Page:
3. Do you live with your spouse or file a joint return and your spouse is a participant in a qualified plan, but you are not?

In this instance, your ability to make a contribution is reduced to zero if you have a MAGI over $166,000. Up to a MAGI of $156,000, you can take a full deductible contribution.

4. Did you receive compensation during the year?

Contributions must be made from compensation received. Sorry, if you were unemployed all year, sheltering that big day at the track is not permitted.

5. Do you have cash?

Contributions must be made in cash. You can’t contribute stock or any other type of asset.

6. Do you file a joint tax return and make less than your spouse?

If so, you may be eligible to make a contribution. This rule was originally intended for a spouse who did not work; however, it may apply to a spouse who works as well.

You will need to apply the rules and work through the math. You may find a spouse has no compensation for the year can make the maximum (i.e. under age 50: $4,000) contribution.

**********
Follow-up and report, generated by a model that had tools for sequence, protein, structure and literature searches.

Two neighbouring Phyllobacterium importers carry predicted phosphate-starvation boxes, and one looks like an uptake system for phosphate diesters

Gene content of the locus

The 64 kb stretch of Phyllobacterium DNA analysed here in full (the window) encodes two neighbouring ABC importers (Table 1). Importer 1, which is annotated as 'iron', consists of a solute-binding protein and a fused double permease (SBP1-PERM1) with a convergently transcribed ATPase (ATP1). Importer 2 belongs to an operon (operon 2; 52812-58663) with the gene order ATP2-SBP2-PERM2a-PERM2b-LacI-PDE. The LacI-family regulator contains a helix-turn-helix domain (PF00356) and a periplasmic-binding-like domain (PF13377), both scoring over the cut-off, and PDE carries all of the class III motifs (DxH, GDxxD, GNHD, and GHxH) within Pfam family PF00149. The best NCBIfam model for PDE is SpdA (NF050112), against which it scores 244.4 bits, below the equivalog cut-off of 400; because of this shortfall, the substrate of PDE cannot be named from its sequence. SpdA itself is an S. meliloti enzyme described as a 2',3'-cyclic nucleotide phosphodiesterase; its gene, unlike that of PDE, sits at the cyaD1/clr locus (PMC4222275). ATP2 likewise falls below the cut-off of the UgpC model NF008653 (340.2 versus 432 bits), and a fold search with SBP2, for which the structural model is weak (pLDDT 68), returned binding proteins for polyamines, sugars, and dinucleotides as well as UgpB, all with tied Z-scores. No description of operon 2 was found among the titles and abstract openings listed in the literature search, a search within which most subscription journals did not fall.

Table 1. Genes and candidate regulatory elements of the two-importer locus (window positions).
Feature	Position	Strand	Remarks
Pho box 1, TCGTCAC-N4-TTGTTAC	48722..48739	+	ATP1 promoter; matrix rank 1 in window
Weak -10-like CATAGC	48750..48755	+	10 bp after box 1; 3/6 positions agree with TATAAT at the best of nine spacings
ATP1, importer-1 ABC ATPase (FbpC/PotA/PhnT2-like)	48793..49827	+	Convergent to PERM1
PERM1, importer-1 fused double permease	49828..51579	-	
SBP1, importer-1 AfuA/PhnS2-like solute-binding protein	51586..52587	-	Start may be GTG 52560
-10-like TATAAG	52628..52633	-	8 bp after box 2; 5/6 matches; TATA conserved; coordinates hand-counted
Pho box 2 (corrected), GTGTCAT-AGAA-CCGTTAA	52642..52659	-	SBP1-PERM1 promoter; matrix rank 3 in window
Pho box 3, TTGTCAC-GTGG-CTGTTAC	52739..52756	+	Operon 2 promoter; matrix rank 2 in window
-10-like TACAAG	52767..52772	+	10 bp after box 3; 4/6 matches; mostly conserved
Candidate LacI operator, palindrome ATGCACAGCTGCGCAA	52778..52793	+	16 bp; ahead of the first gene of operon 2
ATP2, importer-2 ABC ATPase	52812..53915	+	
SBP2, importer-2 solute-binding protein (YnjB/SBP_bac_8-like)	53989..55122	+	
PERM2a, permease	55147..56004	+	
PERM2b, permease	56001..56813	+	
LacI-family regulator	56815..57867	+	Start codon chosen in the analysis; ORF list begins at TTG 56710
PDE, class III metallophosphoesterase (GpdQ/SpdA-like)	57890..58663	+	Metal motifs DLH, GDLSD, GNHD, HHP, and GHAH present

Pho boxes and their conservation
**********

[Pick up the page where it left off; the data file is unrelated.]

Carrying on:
7. Did your employer go bankrupt?

The rules here are pretty narrow, but if you qualify you could be in for a nice surprise. You would have to have been a participant in a 401(k) plan with specific attributes and your employer filed Chapter 11. If you qualify, you would be eligible for catch-up contributions of $3,000 for years 2007-2009. And these catch-up provisions apply to all ages-you don’t have to be 50 or older.

Armed with this information, you should be in a position to determine if an additional deduction is available to you by contributing to an IRA.

About the Author: Robert D. Cavanaugh, CLU is a 36 year financial and estate planning veteran and author of the free newsletter, The Estate Preservation Advisor. To subscribe and get the free video, How to Sell Your Life Insurance Policy for More Than the Cash Value, go to


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Term Life Insurance For Final Expenses}

Submitted by: Dennis Jarvis

Term life insurance is a great way to address the needs commonly know as “final expenses”. This is inherently different from commonly thought-of uses for life insurance such as income replacement or larger debt payment (such as mortgages). Final Expenses are those associated more or less directly with a person’s death. Term life, in addition to addressing other life insurance needs, is an inexpensive way to deal issues that most people aren’t even aware of. Let’s look a little closer at final expenses and their final solution…term life insurance.